Pop Art legend Marco is NO stranger to the Lower East Side or NYC for that matter…NYC you could say is Marco’s Alma Mater is NYC…growing up in the NYC of the 70’s was a profoundly life-shaping experience for little Marco. For those of you who remember what NYC was like in the 70’s this statement is immediately clear…For the rest of you who A) who grew up in the 70’s or were already grown up but didn’t live in NYC or B) Are a big younger and weren’t alive way back then before Google existed suffice it to say that the pre-cyberspace New York City was so alien to what the NYC of today is like it might as well have been a different city…another world.
For those of you who think that this story is going to be some nostalgic rant about the old day or how NYC was “better back then” or some type of romantic nostalgia or desperate effort to “save” NYC from being swallowed into the gaping maw of gentrification and corporate greed, and effort that is fueled ever-forward with the demise of each and every neighborhood institution…each blip on the life support of a failing city carefully charted second by second block by block, street by street building by building until Manhattan flat lines.
Marco’s view is not so proto-post-apocalyptic, those who have charted Marco’s career in the Lower East Side may actually lay blame at the doorstep of Marco’s first Pop Art Studio boutique which he opened on Hester and Orchard Street #37 back in 1990. Others may choose a spot a bit further down the timeline and a few blocks south when in 1995 Marco moved his Pop Art operation up the block a bit to 186 Orchard st between Stanton and East Houston Street which was absolutely devoid of ANYTHING that could be defined as hip from a retail standpoint. Here some may say did Marco ignite the spark of Gentrification that swept down Orchard Street…remembering that this was years before the Tenement Museum opened it’s door to busloads of tourists who had never seen a Lower East Side Tenement before, a tour which Marco skipped since he’d lived in one above his tiny store at 37 Orchard street-the building still had the common toilets in the hallway-and also since his Great Great Grandfather had been a Jewish Immigrant who had run his own clothing store in the Lower East Side on…wait for it…that same corner of Orchard and Hester Street.
So Marco could very well be named and blamed as one of the early pioneering retailers responsible for sparking the inferno of hippification that has since swept though every old business, storefront and left in it’s wake, trendy overpriced boutiques, expensive spas and salons, a bevy of bars, a banquet of restaurants selling organic free range you name it in places that used to wholesale socks, and neckties…
Marco remembers those guys selling schmatas, guys like Jacob Hauptman and the Polish guy who sold fabrics across the street, the leather guys…all mostly gone now…Does Marco feel guilty over his role in this hipster genocide of the old Lower East Side? Of course…any other answer would be a lie. It’s important to remember that store rents were dirt cheap back then…no one wanted to open a business in the Lower East Side, the place was seriously economically depressed, a fact easily overlooked when you see the astronomical rents tiny white-box galleries are shelling out just to have a “presence” in the now oh so fabulous Lower East Side…how they manage to pay they’re rent is as much of mystery to most locals who pass by annoyed not so much at what some may view as the ugly overpriced “art” inside but the fact that they have to walk an extra block or more to get a regular cup of coffee because what is now another white box used to be their bodgea.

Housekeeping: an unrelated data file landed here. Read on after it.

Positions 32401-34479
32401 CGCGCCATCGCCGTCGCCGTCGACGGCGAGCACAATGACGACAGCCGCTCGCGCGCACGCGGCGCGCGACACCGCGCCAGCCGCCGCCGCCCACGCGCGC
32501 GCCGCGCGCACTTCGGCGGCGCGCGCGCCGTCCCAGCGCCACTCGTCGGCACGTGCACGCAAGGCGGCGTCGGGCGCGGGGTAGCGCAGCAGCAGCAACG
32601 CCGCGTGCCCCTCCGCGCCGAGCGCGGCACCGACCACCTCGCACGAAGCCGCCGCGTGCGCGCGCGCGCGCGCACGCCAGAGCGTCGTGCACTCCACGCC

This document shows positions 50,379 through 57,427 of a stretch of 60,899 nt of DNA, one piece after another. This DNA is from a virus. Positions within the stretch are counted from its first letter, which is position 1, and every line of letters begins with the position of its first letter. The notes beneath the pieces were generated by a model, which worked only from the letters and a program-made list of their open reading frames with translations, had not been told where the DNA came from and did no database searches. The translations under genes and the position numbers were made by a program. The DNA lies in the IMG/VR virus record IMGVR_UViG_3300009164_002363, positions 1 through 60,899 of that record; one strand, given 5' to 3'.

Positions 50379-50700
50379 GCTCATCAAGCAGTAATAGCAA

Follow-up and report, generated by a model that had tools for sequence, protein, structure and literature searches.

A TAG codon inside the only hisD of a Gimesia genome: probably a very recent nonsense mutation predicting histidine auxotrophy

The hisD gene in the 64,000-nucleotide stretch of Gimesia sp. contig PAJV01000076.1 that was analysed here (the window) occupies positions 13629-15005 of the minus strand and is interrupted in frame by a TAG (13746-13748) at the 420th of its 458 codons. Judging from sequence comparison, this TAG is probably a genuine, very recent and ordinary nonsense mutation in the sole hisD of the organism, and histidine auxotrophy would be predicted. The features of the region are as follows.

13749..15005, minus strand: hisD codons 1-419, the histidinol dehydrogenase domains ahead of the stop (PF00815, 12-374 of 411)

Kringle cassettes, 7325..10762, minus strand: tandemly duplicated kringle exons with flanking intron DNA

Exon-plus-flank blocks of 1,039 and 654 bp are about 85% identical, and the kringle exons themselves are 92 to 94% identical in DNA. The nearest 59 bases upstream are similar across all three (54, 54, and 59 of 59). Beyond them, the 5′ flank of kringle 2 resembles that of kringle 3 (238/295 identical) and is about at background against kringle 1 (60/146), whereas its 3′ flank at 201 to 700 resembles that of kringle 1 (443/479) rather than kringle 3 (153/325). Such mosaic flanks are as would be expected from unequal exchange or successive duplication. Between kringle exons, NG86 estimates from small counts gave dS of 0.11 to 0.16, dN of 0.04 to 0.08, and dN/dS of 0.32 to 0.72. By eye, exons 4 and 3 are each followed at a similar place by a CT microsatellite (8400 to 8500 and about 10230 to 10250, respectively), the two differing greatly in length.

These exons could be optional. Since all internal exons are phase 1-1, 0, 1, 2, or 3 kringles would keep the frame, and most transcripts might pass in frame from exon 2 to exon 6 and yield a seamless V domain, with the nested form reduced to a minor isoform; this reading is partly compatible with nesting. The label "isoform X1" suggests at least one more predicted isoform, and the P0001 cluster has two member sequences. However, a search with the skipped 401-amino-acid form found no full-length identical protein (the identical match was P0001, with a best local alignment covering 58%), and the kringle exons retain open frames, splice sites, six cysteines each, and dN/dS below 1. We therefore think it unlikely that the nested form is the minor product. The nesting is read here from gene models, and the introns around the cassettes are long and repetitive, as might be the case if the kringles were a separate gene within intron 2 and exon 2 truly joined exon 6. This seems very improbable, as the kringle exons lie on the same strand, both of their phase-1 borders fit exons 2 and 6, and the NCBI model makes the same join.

Marco, who kicked off his art career in the late 80’s selling his art “al fresco” on the corner of Prince and Greene Street while living in a $500 a month railroad flat on Clinton Street is no stranger to criticism…One critic once went so far as to spray paint the words: “UGLY ART” on the wall next to the chain link fence where Marco had tacked up his canvases. Another time while boarding a plane back to NYC he bumped into a gal who was from the hood when Marco introduced himself the girl said: “Oh God! I hate your artwork” to which Marco replied: “I’m sorry to hear that it must he hard for you to walk around the neighborhood and see it” Marco had a lot of fun helping to brighten up the then rather dreary LES
and is happy to see the seeds that he and other pioneering retailers planted grow into a forest of artistic creation that now covers the LES.
So yeah, for those who mourn the passing of the dirty dangerous drug-riddled good old LES, Marco understands that he played a part in inadvertently creating a monster and that while change isn’t always good, what is true is that change, for better or worse is inevitable, and if NYC and the LES operate on one rule it would be that Change is the only thing anyone can really count on in this world and the harder we try to hold on to something that is dead set on slipping through our fingers the more futile or existence becomes. Marco through his pioneering efforts in the Lower East Side and his artwork, epitomizes change as much as New York, like all of us, is a work in progress, and progress by definition is change.